• May fail to update their paradigm to incorporate new evidence, and deny or bury data which doesn't fit their view.

Sceptic or denier?

'A sceptic will question claims, then embrace the evidence. 

A denier will question claims, then reject (or bury) the evidence....'

and for a brilliant commentary on pseudo-skepticism by Marcello Truzzi go here.

So be on your guard people … it's a tough environment out there, and distinguishing truth from fiction in a post-truth World ain't easy ... false news, pervades every aspect of the internet, even those sources, you thought you could trust, AND relies entirely on a passive (non-thinking) click of a button. Those who use it to their advantage know that, and you should too ... if you don't already! 

After all, that is what brought us Donald Trump. Good luck folks.

I’ll leave you with the wise words of Ralph Keyes who vocalises this much better than I ever could …

‘Post-truthfulness builds a fragile social edifice based on wariness. It erodes the foundation of trust that underlies any healthy civilization. When enough of us peddle fantasy as fact, society loses its grounding in reality.  Society would crumble altogether if we assumed others were as likely to dissemble as tell the truth. We are perilously close to that point.’ Ralph Keyes

Be careful out there folks … words matter, and semantics are important AND that is the TRUTH

HT to Woody  Guthrie for being an inspiration -  "It's a folk singers critical thinkers job to comfort disturbed people and to disturb comfortable people" ... see what I did?

Author: Alan J Taylor is a writer and critic who thinks about stuff and works as a Physiotherapist, University Assistant Professor and Medico-Legal expert witness ... The views contained in this blog are his own and are not linked to any organisation or institution. Like Bukowski, he 'writes to stay sane'.

Tuesday, 23 February 2016

Death following a neck injury: What can we learn from the case of Katie May?

This commentary was originally written as a general interest article for publication on a Web news page. For one reason or another it was not published ... So here it is, in a modified Blog format.

Katie May, a 34 year old Playboy model and entrepreneur, died on February 4th 2016 following a stroke. Whilst the details are sketchy, media reports of a neck injury during a photo shoot raises questions as to how a fit healthy 34 year old, could go from an apparent neck strain to a fatal stroke in a matter of days. This report takes look at the mechanisms of early stroke and considers what we can learn from the case.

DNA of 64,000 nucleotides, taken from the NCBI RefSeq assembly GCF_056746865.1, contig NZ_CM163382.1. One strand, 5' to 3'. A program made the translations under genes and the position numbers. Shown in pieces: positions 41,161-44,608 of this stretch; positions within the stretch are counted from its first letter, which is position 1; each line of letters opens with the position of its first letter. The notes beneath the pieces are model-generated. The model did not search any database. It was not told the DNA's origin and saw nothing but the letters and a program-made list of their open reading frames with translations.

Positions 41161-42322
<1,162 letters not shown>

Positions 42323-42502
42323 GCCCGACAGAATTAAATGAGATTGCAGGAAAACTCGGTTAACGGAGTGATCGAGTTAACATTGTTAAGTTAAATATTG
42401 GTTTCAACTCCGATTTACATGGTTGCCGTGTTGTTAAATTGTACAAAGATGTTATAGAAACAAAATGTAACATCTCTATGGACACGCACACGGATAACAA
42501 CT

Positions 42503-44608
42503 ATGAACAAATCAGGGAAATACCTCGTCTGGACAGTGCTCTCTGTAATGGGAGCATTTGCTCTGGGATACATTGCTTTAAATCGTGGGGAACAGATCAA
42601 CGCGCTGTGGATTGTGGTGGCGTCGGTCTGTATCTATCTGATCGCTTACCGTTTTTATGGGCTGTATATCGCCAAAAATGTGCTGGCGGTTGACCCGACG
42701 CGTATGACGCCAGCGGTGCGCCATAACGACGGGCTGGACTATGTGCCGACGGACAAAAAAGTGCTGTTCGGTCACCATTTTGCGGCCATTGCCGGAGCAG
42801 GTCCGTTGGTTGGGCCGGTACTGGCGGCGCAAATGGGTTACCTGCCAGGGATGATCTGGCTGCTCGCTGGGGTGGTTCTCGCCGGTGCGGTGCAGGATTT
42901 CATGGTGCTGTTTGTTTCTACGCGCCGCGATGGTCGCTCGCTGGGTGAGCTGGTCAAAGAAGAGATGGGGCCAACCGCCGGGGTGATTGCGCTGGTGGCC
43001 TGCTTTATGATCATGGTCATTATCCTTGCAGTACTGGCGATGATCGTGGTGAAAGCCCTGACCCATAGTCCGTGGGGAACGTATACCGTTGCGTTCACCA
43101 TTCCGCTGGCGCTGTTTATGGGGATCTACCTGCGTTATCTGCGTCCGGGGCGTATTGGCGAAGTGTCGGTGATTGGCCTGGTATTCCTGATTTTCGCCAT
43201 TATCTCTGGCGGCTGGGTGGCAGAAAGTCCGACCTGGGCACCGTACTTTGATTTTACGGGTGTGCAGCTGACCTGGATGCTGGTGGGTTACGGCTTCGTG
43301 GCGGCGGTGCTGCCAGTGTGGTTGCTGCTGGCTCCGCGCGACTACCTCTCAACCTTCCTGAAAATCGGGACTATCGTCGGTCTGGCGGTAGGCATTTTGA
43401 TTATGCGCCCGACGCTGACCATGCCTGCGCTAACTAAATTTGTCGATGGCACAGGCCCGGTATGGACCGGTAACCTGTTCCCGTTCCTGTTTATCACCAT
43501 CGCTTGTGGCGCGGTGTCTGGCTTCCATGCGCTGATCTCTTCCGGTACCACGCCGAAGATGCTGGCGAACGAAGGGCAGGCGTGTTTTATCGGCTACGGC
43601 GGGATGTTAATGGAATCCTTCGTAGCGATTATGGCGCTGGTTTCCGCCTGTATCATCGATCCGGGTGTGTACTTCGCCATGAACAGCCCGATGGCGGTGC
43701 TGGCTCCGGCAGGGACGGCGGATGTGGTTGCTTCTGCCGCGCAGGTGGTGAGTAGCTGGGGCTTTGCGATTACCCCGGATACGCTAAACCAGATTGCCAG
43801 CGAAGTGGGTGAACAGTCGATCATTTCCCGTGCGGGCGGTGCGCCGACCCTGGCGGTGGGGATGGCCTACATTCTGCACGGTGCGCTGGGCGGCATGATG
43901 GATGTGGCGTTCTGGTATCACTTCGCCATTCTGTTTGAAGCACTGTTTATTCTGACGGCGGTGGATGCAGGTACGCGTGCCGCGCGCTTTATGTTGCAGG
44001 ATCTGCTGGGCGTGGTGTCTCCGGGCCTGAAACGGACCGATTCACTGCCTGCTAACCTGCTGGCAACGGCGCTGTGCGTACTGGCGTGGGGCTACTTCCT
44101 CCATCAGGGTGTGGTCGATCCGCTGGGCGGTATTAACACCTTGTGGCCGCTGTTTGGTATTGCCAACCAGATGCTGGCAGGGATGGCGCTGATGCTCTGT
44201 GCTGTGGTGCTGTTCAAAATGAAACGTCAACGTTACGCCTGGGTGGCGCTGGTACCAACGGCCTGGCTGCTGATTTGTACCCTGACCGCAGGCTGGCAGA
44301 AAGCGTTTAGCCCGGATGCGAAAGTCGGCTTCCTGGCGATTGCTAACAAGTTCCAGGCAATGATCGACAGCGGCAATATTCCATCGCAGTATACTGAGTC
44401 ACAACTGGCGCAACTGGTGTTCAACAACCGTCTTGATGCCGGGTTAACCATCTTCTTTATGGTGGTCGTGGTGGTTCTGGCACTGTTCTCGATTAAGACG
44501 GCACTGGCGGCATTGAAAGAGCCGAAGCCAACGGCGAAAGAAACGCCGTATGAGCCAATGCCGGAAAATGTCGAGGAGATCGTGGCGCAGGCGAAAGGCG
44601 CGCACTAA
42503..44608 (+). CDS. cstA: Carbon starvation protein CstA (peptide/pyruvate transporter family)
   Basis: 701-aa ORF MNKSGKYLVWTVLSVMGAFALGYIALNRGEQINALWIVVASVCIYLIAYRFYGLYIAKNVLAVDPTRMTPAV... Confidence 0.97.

Neck pain is a common complaint that is thought to affect around 10-13% of the population. However, most patients do not have a life threatening condition. That said the cervical blood vessels can be susceptible to injury. This was illustrated graphically by the tragic death of Australian Cricketer Phillip Hughes. Hughes died from a sub arachnoid haemorrhage (bleed to the brain) following a blunt injury to a blood vessel in his neck from a cricket ball.

The blood flow to the brain is carried by two small vessels at the back of the neck called vertebral arteries, and two larger vessels at the front, called the carotid arteries. The carotids carry around of 80% of the blood flow to the brain. It is well known that any of these blood vessels can be injured by trauma or affected by disease. It is well known that the early presenting symptoms of arterial dissection may be neck pain or headache and that ischaemic symptoms may not develop until later.

A complex anatomical region ...

So, how could an apparently fit, healthy female, suffer a stroke leading to death at the age of 34?

The complete picture of exactly what happened in this case remains unknown, but we can learn from past experience. There are a number of potential scenarios.

One scenario is that like Phillip Hughes, Katie May had perfectly HEALTHY blood vessels that were injured internally (arterial dissection) by an ‘awkward’ fall during a photo shoot. What happened thereafter remains open to speculation. At that point ANY intervention whether it was advice (to keep moving), pain management/education or manual therapy/manipulation, may have ended with the same outcome.

It remains unexplained how some dissection pathologies resolve yet others go on to lead to stroke or death. It is thought that this may relate to variety of intrinsic conditions linked to connective tissue disorders and clotting factors. In addition, extrinsic factors may also play their part. A failure to recognise the signs and symptoms (assuming there were any) of a developing pathology in accident and emergency, at the GP practice, or under the care of a musculoskeletal therapist (Physiotherapist, Osteopath, Chiropractor) may be also be associated with fatal consequences. A common medico-legal scenario, is a delay to appropriate triage, in order to commence a trial of management or specific treatment.

 Thrombotic stroke - image en.wikipedia.org550 × 800Search by image